• Eat more good stuff, eat even more protein, and eat less junk.
  • Lift heavy weights with your whole body.

The book’s main selling point is to convince women to lift heavy. There are some companion “unisex” programs, but since for whatever reason many women are still terrified by weights, by “bulking up”, by dumbbells, this book was designed specifically to sell women on heavy weightlifting. I do have to say that it’s interesting from a feminist perspective to be told “YOU can totes lift like a dude!! It will make you HOTTTT” — you think, do I like this message? or do I want to punch this author in the face? But this is about the program, not the book.

The program itself focuses on compound lifts. The beginning routines are built around squats and deadlifts – two of the most important and most effective compound lifts out there – and add in other things like lunges, shoulder press, pushups, ab work, seated row: stuff that generally hits more muscle groups. The program’s theory is that by building muscle (which involves the important steps of weight lifting and eating more, high quality food) we can design our bodies to burn more fat (since muscle burns more efficiently) which, generally, improves the look of one’s bod.

As a very brief summary, the program’s advantages are:

  • A good target: building muscle is in fact a good, efficient, effective way to eliminate fat and “look better”
  • A good plan: compound lifts are a great, effective, efficient way to build said muscle and get stronger
  • Focus on nutrition: many times when people are working out, if they don’t clean up their diet, they won’t see results as clearly – aka wasting time, aka inefficiency. This program emphasized a clean(er) diet and increased protein intake

and the disadvantages are:

  • The program requires equipment: namely access to a weight room. The compound lifts use dumbbells, barbells, a squat rack — you not only need access, but the knowledge on how to use it without hurting yourself.
  • The program does provide directions for the lifts, but it isn’t a trainer, so there is the chance for injury. Good form is required and must be learned to progress.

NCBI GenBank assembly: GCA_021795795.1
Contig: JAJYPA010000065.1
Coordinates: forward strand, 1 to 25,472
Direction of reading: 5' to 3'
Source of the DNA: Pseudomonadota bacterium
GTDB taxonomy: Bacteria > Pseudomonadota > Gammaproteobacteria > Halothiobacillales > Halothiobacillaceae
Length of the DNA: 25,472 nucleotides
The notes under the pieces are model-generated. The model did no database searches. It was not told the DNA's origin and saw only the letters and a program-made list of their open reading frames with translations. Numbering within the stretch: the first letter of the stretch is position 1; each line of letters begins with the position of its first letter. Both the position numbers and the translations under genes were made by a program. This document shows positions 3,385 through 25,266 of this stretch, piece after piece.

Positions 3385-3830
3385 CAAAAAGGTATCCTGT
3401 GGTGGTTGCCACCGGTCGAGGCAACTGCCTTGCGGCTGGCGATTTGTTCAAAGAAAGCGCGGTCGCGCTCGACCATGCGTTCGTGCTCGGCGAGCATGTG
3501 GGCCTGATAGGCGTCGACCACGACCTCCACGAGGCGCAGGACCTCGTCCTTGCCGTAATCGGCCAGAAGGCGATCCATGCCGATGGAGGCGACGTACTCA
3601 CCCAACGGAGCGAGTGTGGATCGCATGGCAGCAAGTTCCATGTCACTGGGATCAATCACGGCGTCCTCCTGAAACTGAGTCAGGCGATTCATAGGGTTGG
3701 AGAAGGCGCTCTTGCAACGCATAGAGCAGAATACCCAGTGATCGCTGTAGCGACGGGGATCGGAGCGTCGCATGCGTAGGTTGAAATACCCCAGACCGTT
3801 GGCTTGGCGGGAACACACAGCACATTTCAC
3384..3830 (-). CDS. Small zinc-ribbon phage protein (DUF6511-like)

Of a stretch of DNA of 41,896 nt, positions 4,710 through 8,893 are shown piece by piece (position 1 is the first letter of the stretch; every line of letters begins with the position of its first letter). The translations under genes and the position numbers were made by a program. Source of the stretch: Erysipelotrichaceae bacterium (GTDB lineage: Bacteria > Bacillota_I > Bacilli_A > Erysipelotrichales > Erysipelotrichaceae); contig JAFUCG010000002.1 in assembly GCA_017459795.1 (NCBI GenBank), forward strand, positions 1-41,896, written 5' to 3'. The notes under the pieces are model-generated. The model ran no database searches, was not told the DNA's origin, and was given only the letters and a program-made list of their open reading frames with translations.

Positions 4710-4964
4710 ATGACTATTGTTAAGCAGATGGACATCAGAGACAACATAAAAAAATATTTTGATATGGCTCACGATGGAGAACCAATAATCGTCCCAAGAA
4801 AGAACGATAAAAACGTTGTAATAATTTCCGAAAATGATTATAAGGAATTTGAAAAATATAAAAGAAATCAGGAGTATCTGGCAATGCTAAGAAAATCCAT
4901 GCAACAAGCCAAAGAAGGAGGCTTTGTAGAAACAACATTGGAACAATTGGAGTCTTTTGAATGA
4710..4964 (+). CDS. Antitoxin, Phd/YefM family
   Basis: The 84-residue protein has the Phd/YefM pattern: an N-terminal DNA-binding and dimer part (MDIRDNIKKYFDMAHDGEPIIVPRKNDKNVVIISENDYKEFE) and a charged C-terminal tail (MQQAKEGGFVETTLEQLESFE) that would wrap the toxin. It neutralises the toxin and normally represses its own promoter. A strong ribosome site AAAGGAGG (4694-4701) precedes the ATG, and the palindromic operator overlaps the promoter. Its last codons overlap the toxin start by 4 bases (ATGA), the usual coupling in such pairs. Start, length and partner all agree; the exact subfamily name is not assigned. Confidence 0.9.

• Weight training programs – although they can be more effective in the long run depending on your goals – may not provide results quickly initially, which can make them hard to stick with.
  • The general lack of cardio in the program – cardio burns calories, which is somewhat detrimental when you’re trying to build muscle – means runners can’t train for races, for example.

Overall, I do like NROL4W. I do find that as a runner and as a chronically injured person, I can’t stick to it as well as I’d like. But I think the program is sound, and I think if nothing else, it’s good knowledge to have in the bank.


BodyRock is a website which supplies a series of high intensity interval-style mainly bodyweight type workouts. That’s a lot to take in, so let me split it out: each workout provides you with a set of exercises. The exercises are usually based on bodyweight – using little to no equipment, and even when there’s equipment involved, there are almost always modifications one can make at home – and are usually very high intensity, meaning they’ll get your heart rate up quick. Exercises are done in intervals of 50/10, meaning perform the exercise for 50 seconds and then rest for 10. Usually exercises are presented in sets of 4 done 3x or sets of 6 done 2x, so each BodyRock workout is 12 minutes long. (of course, some are longer, some are shorter – the program has lots of options.)

The website has resources for diet and nutrition, but I haven’t explored those yet – I’ve done enough research thanks – so I can’t really speak to that side.